Food - Drink
The 4 Main Japanese Ramen Styles Fans Need
To Know
Many restaurants in Japan, particularly those found in neighborhoods and smaller cities, are one-trick ponies that specialize in just one style of dish. Such is the case with ramen, often served at a "ramen-ya," where noodles can be cooked to different textures, with all kinds of toppings, and in various broths.
One category of ramen broth is clear and light — known as “chintan” — where stock made with chicken, vegetable, or seafood soup can be mixed with a traditional Japanese soup base known as dashi. The second category is a cloudier, richer broth known as "paitan," which MasterClass describes as "full of fat, and silky in texture due to gelatin, which forms when the collagen-rich connective tissue is cooked at a high temperature."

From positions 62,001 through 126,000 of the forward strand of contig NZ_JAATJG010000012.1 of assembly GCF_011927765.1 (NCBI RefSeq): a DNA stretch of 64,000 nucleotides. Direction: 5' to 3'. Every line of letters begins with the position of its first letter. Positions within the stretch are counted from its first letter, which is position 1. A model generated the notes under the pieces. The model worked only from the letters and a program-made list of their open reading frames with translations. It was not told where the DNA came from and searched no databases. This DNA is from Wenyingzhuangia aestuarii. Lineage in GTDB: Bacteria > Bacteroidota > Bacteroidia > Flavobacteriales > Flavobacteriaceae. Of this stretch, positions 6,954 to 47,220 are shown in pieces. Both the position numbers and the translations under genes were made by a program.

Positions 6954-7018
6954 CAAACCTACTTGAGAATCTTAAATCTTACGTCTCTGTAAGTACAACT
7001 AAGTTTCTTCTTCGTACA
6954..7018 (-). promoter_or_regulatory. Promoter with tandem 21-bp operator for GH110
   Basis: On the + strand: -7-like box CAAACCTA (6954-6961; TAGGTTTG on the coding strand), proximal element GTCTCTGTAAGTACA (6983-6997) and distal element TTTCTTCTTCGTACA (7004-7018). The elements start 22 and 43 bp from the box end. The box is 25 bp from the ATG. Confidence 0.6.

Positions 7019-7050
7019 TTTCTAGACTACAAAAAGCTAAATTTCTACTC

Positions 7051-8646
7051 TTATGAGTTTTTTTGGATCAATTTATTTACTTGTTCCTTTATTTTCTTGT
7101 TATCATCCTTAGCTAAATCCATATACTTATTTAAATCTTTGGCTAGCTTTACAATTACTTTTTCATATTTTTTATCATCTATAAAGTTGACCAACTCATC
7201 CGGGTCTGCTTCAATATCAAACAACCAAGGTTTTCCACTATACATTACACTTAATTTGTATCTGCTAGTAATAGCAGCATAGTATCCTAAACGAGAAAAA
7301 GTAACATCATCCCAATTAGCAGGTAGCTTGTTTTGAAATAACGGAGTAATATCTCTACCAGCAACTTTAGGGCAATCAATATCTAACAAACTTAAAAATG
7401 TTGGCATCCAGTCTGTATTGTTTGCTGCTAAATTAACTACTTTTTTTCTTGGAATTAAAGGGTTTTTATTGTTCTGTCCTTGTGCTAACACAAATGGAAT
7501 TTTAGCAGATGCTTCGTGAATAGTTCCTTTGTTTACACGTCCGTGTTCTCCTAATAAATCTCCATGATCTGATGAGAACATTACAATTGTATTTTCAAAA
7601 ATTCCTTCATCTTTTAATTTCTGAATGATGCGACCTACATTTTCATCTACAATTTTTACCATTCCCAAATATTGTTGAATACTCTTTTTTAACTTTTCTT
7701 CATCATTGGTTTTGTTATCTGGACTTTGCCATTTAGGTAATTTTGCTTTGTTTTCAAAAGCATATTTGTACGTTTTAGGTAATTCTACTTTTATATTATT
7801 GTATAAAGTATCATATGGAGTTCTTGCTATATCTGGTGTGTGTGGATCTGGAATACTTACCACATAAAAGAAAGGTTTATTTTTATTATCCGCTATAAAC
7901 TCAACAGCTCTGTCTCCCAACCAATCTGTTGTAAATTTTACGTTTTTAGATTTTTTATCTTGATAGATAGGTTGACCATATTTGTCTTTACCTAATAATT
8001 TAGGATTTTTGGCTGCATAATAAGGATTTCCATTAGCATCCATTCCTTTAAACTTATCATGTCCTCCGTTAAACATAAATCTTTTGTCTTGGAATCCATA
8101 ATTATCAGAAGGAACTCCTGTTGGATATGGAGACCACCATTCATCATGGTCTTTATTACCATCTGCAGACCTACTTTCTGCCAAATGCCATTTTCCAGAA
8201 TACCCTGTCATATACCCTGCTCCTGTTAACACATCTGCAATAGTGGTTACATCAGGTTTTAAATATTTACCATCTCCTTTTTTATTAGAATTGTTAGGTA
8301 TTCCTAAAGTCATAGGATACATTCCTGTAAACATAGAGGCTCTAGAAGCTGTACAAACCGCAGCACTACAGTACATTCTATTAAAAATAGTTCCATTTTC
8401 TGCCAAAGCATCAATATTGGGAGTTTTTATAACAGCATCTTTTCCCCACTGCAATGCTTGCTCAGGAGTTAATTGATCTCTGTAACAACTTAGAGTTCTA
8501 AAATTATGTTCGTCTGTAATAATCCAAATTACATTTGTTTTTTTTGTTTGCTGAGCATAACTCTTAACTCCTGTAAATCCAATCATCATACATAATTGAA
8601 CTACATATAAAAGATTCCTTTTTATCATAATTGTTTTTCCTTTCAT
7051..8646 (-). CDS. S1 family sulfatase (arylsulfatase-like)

Out of these categories come four types of ramen styles. Shoyu, Japanese for soy sauce, delivers a chintan-style clear soup usually made with chicken, while the cloudy, nearly milk-white broth tonkotsu is made by simmering pork bones for hours. Shio is a light broth made with seafood and liberally seasoned with sea salt, while miso can be made with pork, chicken, or fish stock and is flavored with miso, or fermented soybean paste.